She wasn't walking the streets any longer - but I assure you she was in the sex industry.  She wasn't being "trafficked" either.  Montana was being pimped.  There is a difference.   That difference and how pimps brainwash their victims is what I was certified by the FBI to testify about as an expert witness because a true pimp rarely uses force or threats.  These are facts that are being left out of many of these new trafficking laws and I'm finding that very frustrating.

Why don't “real pimps” threaten or coerce their victims?  Doesn't last. If you scared some one bad enough – then they'll find a way to leave. If they leave – game over. The “trick” is to get the victim to do it over and over, willingly, gladly, and then sign up for more. Think Hitler. People didn't get on the trains thinking they were going to be gassed – but because they believed they were going to get jobs.  

We're talking a generational culture for life some people are raised within.  These people aren't operating out of fear - but are "supporting the family" in their minds;.  This is also why when you train people like cops and social workers to come at a prostitute with this concept and attitude like "you poor victim of trafficking" they will look at you like you're speaking a foreign language.   They're not “victims” in their minds (these types of victims). In their minds they feel loved and cared for in fact.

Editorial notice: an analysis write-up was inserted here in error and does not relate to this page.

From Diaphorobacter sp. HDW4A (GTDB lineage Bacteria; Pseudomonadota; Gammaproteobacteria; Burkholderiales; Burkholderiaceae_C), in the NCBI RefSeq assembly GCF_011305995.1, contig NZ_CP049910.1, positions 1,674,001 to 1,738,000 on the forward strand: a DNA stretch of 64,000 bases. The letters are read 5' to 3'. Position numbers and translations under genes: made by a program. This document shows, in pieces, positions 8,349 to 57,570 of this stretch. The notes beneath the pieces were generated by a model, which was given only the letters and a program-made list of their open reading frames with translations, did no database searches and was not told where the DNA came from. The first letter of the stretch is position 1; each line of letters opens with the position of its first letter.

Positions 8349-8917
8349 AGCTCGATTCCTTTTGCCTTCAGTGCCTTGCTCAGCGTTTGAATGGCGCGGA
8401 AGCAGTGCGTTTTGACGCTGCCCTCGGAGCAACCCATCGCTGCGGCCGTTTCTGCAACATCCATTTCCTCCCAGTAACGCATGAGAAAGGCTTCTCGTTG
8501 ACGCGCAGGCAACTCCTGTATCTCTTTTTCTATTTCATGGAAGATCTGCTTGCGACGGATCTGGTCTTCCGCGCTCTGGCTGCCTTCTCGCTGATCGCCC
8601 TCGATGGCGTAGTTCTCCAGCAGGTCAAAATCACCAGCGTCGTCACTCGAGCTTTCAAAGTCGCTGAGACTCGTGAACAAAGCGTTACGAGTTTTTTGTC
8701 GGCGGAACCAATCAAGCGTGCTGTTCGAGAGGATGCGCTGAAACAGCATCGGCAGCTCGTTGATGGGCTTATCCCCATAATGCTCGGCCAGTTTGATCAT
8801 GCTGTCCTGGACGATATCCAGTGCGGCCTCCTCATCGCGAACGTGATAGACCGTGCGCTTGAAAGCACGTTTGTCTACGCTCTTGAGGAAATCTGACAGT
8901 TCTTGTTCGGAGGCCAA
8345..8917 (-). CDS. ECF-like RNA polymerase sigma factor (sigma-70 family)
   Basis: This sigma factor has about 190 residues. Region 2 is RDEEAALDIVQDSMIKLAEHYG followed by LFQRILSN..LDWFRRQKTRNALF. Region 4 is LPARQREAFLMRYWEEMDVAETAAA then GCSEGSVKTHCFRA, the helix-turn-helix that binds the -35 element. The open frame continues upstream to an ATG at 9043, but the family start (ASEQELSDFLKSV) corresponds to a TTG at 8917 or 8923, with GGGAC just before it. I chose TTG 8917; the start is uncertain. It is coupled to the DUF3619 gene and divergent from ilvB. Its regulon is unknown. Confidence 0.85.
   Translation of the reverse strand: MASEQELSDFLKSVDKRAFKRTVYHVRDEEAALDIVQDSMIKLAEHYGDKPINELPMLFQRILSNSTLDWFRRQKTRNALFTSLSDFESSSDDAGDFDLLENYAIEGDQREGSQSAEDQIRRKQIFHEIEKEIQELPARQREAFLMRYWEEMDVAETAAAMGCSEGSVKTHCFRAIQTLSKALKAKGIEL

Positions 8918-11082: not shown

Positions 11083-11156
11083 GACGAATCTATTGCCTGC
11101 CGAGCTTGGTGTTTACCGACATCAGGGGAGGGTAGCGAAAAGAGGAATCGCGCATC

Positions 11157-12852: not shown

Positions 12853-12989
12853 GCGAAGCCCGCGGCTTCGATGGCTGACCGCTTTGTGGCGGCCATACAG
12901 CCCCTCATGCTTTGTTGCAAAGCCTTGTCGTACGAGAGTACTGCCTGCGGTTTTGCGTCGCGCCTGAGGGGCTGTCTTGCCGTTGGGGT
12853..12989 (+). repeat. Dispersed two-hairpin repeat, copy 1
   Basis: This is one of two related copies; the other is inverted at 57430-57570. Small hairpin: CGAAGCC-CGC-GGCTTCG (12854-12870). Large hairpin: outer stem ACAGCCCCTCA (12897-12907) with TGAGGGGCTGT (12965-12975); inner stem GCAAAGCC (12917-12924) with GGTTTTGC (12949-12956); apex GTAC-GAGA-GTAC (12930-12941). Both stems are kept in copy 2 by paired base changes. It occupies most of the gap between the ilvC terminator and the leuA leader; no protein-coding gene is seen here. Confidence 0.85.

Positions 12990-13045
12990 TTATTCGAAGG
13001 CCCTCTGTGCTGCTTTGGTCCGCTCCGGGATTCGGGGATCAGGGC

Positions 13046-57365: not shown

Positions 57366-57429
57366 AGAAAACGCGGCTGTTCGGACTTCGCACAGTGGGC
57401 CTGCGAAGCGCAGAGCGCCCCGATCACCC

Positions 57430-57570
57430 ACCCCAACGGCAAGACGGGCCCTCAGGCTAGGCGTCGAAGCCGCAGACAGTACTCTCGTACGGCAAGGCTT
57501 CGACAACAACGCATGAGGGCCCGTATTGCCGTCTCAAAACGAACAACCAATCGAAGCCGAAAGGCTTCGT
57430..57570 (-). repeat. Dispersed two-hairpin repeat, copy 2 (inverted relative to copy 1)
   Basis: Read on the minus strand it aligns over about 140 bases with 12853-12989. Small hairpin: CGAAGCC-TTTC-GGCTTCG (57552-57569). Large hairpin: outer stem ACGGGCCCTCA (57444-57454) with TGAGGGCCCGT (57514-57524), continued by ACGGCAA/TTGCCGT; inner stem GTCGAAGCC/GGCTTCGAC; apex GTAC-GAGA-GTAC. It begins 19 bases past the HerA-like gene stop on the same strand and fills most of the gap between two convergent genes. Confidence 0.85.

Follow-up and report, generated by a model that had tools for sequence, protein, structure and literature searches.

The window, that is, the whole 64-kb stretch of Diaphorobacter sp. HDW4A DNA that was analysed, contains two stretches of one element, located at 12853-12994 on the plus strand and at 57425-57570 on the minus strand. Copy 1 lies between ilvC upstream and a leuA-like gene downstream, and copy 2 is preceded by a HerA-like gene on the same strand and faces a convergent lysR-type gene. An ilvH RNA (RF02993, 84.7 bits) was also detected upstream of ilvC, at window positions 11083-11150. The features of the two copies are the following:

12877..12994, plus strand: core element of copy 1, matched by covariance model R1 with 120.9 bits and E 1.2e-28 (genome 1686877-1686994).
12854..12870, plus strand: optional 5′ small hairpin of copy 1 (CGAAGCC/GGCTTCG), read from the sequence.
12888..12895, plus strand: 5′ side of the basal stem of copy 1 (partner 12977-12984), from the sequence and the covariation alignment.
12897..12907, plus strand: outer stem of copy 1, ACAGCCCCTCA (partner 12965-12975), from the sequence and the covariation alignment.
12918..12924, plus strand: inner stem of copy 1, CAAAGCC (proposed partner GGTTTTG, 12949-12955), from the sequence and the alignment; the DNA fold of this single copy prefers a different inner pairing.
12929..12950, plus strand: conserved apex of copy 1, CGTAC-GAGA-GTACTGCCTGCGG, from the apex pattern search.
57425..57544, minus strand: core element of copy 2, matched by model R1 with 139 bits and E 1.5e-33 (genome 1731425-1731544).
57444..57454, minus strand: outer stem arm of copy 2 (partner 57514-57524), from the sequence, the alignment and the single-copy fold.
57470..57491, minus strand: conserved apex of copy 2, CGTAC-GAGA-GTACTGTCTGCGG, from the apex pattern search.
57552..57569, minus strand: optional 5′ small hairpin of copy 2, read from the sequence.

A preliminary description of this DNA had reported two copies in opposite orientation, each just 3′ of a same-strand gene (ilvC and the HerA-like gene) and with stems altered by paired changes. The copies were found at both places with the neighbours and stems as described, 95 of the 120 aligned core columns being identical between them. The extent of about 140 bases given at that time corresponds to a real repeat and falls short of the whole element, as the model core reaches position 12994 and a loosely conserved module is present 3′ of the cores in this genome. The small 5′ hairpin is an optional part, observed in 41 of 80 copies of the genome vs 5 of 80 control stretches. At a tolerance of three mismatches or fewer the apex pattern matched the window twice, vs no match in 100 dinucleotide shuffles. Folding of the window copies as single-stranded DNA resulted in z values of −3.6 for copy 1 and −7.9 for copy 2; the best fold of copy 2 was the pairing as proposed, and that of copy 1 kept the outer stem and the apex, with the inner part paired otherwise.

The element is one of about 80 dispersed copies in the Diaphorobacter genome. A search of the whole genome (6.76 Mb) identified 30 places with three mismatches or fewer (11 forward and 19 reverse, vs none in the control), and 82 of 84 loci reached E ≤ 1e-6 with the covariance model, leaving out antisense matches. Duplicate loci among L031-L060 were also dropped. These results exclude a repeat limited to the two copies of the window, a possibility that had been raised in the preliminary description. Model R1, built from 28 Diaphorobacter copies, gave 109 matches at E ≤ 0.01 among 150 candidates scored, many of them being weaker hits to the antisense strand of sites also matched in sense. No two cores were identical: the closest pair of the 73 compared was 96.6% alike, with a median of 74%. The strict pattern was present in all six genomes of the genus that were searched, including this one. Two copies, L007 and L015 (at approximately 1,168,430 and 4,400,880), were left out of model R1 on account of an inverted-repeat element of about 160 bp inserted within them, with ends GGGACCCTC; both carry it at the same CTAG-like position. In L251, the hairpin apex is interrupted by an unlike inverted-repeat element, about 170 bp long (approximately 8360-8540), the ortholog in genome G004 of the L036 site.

I know - I speak to them almost weekly now.  The social workers, probation officers, cops, therapists, etc., who are being taught in trainings (I was excluded from designing by the way) to approach this person like "you poor victim of trafficking" where there is this villain supposedly over them exploiting them, forcing them, harming them, deceiving them, etc. they need to be "saved" from tell me "the prostitute just looks at me like I'm speaking Martian" because if this person was raised in this culture then you are speaking Martian to them.  The person over them isn't a "trafficker" but may be their mother, father, husband, boyfriend, brother, or even child in their mind.

They aren't being "exploited" - they're "taking care of the family".  They aren't being threatened - they are "willingly giving" in their mind.  Listen to this interview with a SWA member - This single mother feels she was putting her daughter through school without the burden of school loans over her head. If you talk to her about being a “victim” she won't know what you're talking about.

They aren't being "controlled" - they're being "cared for" or they're “caring for” someone else.  Now again is this every single prostitute?  Absolutely not.  There are of course victims who are being handcuffed to toilets like the one I pulled out of a house in Las Vegas and being told their family will be murdered if they don't comply to turning tricks without objection and all the money goes right into the hands of the trafficker. Every case is different and that's my point here.

The people behind this “No Such Thing” campaign are so focused on trying to brainwash all of us into believing there's only one type of victim, and one type of experience, as well there's only one type of “trafficker” that they are literally saying there is “no such thing” as something that does exist. It's actually a form of mind control they're trying to use on us so we don't see the problems that do exist right here under our own noses.